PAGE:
Internal & External Training Loads – Wednesday Wisdom

The desire to help our clients achieve their health and fitness goals is important to most trainers, coaches and instructors. To assist our clients achieve these goals, it is important that each client has a clear training plan that considers how much training stress they can tolerate. It is for this reason, that monitoring some form of training load is important. Managing training load is an important component of common health and fitness programs. Training load typically is measured via two main methods:

  1. External Loads = the external stimulus provided to the individual, such as distance run, weight, power etc.
  2. Internal Loads = physiological and psychological response to external loads, combined with non-exercise stressors such as perceived effort, perceived muscle soreness

Remember, training related injuries are not BAD LUCK, but rather mismanagement of the clients training plan. As mentioned above, there are several sources of non-exercise related stress that contribute to your clients training load, such as poor sleep, high stress levels, poor diet, and so on. Studies show that football players are 3.19 times more likely to experience an injury during weeks when they had high academic stress (Mann et al 2015). Now consider how many of your clients arrive at your training sessions, reporting high stress levels, poor sleep and poor diet?  The decision to increase any number of acute training variables (reps, sets, loads, HR, etc.) cannot be made if there is no understanding of your client’s current state of recovery and readiness to train. When training loads, both external and internal exceed the capacity of your client, physical breakdown may only be one step away. Injury and illness risk for that matter come from many sources, which include:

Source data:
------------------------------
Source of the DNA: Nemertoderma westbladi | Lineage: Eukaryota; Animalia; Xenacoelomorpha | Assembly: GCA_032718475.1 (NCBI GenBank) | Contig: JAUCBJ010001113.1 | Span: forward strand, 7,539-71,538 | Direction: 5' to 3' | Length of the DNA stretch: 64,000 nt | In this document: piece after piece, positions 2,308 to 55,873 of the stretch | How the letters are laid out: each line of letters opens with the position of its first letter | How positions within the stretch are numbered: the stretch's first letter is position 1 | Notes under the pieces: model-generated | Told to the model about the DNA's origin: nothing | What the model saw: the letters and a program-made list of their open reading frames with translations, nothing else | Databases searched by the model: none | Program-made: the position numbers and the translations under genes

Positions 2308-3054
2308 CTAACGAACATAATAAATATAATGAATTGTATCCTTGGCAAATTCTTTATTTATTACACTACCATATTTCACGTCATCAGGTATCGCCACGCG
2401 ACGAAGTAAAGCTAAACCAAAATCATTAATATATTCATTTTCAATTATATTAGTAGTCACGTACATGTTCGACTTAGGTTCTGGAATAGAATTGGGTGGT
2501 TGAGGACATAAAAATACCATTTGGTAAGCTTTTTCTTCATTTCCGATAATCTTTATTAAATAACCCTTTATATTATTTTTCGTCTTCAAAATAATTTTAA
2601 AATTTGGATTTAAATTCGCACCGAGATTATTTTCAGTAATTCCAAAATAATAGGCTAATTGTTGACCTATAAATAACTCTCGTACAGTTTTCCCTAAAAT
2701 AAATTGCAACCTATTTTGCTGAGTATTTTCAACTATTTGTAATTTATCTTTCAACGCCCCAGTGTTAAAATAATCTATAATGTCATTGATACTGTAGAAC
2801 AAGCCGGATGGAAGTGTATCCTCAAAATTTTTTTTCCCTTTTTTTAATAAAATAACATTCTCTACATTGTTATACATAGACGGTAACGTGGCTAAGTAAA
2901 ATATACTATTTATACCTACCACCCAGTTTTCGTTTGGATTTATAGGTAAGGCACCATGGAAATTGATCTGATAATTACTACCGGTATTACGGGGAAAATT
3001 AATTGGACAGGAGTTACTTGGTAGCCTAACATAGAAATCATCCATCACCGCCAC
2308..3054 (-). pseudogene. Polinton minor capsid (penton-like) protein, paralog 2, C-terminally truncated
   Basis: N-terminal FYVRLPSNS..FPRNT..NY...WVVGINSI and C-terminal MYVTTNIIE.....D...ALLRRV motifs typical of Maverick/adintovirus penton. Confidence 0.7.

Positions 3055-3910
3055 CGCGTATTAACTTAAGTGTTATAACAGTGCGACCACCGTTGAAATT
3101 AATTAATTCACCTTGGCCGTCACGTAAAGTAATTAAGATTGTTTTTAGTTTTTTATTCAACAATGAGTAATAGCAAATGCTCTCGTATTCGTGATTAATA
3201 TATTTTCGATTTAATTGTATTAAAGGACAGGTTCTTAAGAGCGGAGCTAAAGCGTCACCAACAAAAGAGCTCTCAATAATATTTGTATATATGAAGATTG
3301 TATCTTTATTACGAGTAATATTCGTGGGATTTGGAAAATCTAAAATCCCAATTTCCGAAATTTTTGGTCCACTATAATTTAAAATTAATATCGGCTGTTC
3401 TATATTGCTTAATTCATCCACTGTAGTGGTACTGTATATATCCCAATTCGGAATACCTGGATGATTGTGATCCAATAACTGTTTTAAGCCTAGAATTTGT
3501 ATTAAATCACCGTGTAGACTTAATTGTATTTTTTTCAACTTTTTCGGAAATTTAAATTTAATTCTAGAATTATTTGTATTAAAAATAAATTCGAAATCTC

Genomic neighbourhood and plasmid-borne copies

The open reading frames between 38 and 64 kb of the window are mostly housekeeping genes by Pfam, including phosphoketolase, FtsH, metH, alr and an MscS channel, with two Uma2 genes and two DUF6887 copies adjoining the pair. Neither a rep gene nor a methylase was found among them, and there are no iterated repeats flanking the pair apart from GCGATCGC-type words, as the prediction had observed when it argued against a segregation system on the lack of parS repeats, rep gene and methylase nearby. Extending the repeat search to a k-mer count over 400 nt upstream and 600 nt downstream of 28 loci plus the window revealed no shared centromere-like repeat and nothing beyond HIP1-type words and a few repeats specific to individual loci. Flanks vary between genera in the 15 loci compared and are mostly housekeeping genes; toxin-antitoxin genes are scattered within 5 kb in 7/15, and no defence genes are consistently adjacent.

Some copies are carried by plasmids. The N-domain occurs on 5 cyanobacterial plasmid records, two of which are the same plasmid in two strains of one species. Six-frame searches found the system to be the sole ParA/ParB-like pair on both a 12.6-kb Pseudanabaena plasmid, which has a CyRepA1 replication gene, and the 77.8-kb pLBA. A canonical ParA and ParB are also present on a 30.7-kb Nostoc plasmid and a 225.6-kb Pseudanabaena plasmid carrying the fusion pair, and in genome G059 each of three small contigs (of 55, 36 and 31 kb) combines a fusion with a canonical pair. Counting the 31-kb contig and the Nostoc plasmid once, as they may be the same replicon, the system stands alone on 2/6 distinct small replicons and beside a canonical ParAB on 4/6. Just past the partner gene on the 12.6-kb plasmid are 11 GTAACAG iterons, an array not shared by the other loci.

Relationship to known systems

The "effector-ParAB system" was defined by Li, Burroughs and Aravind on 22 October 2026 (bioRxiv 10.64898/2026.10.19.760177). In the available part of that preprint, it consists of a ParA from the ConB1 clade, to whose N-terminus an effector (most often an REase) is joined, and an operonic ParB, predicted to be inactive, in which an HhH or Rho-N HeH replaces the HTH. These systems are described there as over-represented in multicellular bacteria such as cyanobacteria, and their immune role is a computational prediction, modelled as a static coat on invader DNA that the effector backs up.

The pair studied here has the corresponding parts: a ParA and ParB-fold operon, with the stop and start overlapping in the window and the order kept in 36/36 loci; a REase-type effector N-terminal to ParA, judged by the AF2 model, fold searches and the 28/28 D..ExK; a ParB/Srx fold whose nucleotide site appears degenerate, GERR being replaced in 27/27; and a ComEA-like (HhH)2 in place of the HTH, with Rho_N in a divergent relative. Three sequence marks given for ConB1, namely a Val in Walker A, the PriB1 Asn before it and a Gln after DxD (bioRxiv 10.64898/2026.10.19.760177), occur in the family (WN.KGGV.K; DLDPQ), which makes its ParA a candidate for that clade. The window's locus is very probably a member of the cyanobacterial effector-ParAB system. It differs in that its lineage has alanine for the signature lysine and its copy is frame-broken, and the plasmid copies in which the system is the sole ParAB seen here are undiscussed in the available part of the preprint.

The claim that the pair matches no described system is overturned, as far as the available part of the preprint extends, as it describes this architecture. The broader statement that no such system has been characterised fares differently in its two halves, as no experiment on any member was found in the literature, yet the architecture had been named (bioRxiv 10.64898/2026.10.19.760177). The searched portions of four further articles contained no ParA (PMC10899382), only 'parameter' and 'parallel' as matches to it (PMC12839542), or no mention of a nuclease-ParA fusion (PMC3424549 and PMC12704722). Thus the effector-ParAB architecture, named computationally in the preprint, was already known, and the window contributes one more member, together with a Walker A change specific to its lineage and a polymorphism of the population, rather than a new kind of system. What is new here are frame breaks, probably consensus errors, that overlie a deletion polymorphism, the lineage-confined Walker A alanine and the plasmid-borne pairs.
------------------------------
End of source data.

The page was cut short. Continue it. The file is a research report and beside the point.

TRAINING LOAD

  • The accumulation of load
  • Week to week or session to session load increases
  • Sudden spikes in training loads such as punishment sessions or exercises!

SOCIAL SPORT

  • Game to training loads
  • Playing time (length of time on the field)
  • The training load of weekly practise sessions
  • Travel to games
  • Number of games played in a week

LIFESTYLE FACTORS

  • Low fitness
  • Poor nutrition
  • Age
  • Poor sleep

In conclusion, the road map to client success must start with a strong plan, a plan which includes the monitoring of both internal and external training loads. To decrease the risk of injury or illness as result of excessive training loads, we need to (1) monitor our clients training loads, (2) detect inadequate workloads that are too high, or even to low and (3) adapt our training programs, recovery methods to each individual client’s response to training. Our next article will look at easy to use methods, to monitor training loads and fatigue.

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